Michael in Automation 30 minutes

chef-vault Tutorial

This week I researched chef-vault and struggled quite a bit with the documentation, so I thought I would write a bit of a tutorial on the technology for those who are interested in quickly understanding how it might work for their organizations.

Why chef-vault?

Encrypted data bags force you to copy the shared secret that is used for decryption to your infrastructure. It’s very easy to take that secret file and nefariously decrypt the data from somewhere else without anyone knowing about it. Chef-vault makes this much more difficult by giving both nodes and chef server users expressed permission to decrypt certain data. With chef-vault you don’t have to share a secret file with all of your nodes. This is a step up that simplifies everything.

The solution isn’t without its drawbacks. The main one is if you add nodes, you have to rerun something on the server to get that node to be able to decrypt the data bag. With Hashicorp’s vault you get better control over that, and better lease management, and credentials creation. To me, encrypted data bags are an unreliable used car, chef-vault is a nice mid-size sedan, and Hashicorp’s vault is like a luxury car.

So now that we know where the tool sits within our choices, let’s look at the basics:

Setup

To get started with chef-vault, have the latest ChefDK installed (0.12 or greater) and install the chef-vault gem:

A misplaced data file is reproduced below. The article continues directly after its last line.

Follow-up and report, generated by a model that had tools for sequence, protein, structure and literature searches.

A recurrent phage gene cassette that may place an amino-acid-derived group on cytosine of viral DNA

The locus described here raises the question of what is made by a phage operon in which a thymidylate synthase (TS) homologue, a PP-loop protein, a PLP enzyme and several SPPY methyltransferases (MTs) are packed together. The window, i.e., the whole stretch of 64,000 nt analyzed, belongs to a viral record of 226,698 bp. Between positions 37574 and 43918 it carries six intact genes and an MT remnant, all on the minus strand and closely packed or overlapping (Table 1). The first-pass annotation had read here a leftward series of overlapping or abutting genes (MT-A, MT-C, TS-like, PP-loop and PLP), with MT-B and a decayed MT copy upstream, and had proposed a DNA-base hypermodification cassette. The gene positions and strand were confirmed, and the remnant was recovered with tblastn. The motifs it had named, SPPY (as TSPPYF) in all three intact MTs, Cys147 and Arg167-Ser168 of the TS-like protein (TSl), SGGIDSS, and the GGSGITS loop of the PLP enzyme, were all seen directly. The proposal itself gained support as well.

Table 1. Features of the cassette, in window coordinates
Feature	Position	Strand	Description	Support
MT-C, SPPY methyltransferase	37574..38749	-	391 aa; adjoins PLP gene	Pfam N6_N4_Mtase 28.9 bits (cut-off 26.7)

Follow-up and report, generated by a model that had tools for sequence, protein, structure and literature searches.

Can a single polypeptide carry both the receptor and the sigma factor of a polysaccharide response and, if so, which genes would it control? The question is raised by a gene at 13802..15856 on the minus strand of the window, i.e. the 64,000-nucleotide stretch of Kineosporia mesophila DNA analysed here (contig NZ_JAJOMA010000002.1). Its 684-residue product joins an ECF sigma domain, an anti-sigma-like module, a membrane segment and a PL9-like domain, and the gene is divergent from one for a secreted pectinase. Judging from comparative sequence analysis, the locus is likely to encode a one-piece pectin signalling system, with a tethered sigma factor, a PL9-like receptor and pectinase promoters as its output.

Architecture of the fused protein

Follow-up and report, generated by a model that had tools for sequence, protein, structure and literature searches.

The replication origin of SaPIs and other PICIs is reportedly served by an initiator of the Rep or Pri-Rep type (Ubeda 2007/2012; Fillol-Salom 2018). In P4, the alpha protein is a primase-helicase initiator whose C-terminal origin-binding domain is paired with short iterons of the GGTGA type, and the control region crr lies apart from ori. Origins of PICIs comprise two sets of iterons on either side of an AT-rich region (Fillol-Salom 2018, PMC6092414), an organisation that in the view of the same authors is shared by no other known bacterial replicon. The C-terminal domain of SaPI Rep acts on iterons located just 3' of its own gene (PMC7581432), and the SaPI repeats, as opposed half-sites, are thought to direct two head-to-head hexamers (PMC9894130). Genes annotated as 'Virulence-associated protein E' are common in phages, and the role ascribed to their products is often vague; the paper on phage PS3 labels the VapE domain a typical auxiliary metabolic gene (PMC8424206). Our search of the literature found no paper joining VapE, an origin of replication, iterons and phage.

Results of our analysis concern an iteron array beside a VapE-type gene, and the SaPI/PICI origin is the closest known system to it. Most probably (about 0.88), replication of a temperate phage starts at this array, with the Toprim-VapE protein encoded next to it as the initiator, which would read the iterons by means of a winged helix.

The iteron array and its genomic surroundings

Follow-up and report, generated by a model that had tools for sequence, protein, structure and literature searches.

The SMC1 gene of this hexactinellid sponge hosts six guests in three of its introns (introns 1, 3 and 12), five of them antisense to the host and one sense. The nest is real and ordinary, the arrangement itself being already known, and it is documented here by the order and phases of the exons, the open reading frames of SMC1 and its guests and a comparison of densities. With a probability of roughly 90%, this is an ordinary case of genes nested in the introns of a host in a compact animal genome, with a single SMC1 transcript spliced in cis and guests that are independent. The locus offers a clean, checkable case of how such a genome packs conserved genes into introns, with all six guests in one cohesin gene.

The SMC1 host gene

chef gem install chef-vault

And then ensure you have a .chef directory that connects to a chef server.

Creation

Creating a vault is easy:

knife vault create passwords root -S "policy_name:webserver" -A "michael" -J root.json -M client

For whatever reason the knife vault  command doesn’t default to talk to a chef server. So to create a knife vault, you have to specify -M client  at the end. Or you can make your life easier going forward by adding this line to your knife.rb:

knife[:vault_mode] = 'client'

For the command, I used this root.json:

{
"username": "mhedgpeth",
"password": "myPassword"
}

Let’s review the options:

Team Natural Alignment Natural Misalignment
Development Faster Delivery of features Have to be engaged in operations, more “work” to do
Operations Less fires, more consistency Have to learn a new skillset and be a beginner
Security More consistency, compliance Automation can cause unknown vulnerabilities
Business Faster ROI for development, lower cost for operations, and a scale model that works Takes ongoing investment in culture and tools

This uploads two data bag items to a data bag called “passwords”:

  1. root which has the data above
  2. root_keys which stores the metadata about which clients can read and edit this data bag (as you specified above in the search criteria and administrators list.

Making it Even More Secure

Noah Kantrowitz helped me understand the vulnerabilities of the above approach using the -S  flag. With that flag, you give the nodes the ability to define the criteria by which they are allowed to decrypt the vault. So if you say I want nodes that have policy_name:webserver  to decrypt this data, all it takes is someone saying they are 'policy_name:webserver'  and they will be granted the keys.

A better way to handle this is through specifying each node explicitly through the -A flag. So your command would be: